Dispatch: Sundance Film Festival Offers Warm Comedies, Moving Documentaries and More, Each Entertaining In Their Own Way
At the 2024 Sundance Film Festival, many of the movies feel like experiences one can't have anywhere else. From a documentary featuring a legendary Saturday Night Live friendship to a ruthless and intense drama starring Kristen Stewart, these selections all left an impression.
A Different Man
Outside of his stints within the world of Marvel movies, Sebastian Stan is a bit of a risk taker as an actor. And while I don’t know if Stan has a “type” as far as the roles he chooses, each new performance certainly seems to go against the type of the last. That's true nevermore so than his latest work, A Different Man, in which he plays Edward, a would-be actor with a condition that results in an extreme facial deformity that has understandably turned him into an severe introvert and crushes his limits as an artist and his social life in general. But then two things happen: first he meets a new next-door neighbor, Ingrid (Renate Reinsve), in his rundown apartment building; the two become friends, with her expressing her desire to become a playwright. Second, his doctor tells him that there’s an experimental drug in trials that could reduce the growths on his face to some degree. He enters the test, and miraculously, a person who looks a lot like Stan emerges. He’s so unrecognizable as his old self that no one realizes he’s Edward. In turn, he pretends to be someone else, thinking he’ll get a new start on life—which in some ways is what happens.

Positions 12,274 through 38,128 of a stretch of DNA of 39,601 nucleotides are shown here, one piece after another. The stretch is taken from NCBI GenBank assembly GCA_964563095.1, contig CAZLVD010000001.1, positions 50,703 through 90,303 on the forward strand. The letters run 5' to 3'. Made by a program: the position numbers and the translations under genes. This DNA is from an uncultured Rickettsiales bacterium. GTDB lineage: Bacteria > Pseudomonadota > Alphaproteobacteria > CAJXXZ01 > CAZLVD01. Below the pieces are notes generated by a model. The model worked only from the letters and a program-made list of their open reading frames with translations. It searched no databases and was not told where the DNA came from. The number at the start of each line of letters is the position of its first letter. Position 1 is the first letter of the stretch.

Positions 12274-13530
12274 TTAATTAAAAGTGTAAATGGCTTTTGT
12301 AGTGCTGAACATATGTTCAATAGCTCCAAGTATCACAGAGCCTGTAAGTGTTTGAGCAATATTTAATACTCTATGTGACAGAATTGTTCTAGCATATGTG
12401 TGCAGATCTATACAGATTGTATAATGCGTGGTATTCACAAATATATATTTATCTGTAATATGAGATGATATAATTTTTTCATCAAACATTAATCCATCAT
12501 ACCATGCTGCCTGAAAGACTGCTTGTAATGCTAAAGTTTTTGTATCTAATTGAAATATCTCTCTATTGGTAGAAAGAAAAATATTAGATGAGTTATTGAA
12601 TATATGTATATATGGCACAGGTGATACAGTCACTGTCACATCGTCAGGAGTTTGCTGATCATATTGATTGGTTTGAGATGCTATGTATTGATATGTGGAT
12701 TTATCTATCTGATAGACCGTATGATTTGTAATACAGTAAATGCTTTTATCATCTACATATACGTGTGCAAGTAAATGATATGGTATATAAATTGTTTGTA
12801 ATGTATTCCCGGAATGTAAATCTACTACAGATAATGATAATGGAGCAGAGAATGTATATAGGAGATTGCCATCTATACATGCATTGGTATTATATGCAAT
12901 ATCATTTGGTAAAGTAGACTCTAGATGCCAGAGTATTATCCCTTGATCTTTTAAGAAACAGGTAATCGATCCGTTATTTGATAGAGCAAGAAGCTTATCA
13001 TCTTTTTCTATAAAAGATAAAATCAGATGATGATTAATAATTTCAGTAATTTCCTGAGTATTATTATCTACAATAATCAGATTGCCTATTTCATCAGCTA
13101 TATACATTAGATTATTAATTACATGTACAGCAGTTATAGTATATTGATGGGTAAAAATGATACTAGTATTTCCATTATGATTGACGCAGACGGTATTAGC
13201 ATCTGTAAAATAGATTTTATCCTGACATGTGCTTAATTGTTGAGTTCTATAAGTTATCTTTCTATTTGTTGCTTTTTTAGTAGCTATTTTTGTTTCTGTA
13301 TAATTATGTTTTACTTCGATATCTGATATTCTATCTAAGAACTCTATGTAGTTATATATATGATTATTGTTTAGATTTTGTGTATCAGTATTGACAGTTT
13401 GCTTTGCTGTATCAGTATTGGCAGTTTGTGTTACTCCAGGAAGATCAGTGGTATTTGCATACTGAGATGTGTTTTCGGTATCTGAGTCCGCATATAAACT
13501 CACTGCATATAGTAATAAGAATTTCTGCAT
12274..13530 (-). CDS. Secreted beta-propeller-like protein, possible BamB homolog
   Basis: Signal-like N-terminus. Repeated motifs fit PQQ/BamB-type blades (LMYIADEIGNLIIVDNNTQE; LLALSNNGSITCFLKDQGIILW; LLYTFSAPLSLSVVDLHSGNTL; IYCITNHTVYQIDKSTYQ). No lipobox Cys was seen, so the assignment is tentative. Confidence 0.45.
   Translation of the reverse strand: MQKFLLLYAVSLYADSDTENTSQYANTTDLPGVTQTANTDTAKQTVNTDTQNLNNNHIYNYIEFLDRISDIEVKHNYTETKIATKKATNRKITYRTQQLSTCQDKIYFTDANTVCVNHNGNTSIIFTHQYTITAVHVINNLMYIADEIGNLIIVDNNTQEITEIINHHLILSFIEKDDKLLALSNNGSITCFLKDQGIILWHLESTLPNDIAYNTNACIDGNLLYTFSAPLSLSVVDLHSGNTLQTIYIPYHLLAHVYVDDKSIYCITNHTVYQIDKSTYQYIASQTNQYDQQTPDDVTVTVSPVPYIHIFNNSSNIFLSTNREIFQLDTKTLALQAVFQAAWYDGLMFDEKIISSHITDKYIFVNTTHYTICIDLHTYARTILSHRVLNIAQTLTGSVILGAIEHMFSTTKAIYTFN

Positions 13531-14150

Of course, Edward’s personality is, in many ways, the same as it was and hasn’t quite caught up to his conventionally handsome looks. And then two more things happen: Ingrid writes her first play, which is basically the story of how she and Edward met and became friends, and a man Oswald (Adam Pearson, Under the Skin) arrives on the scene, with the exact condition that Edward had—only Oswald is outgoing, loved by all, and is also a solid actor, putting Edward in an awkward position in all parts of his life. Writer/director Aaron Schimberg (Chained for Life, which also starred Pearson) seems most interested in exploring the metaphor that changing the cover doesn’t change the substance of the book. But I also love how deep in the woods he gets in looking at the fluid nature of the small-scale New York theater scene, and how it can literally drive a tortured artist insane with obsession, especially over a part that was literally written for him. The film has elements of distracting magical realism sprinkled throughout, but it’s the material that is firmly based in reality that hits the hardest and makes the most resonant points about the perils of transforming oneself. — Steve Prokopy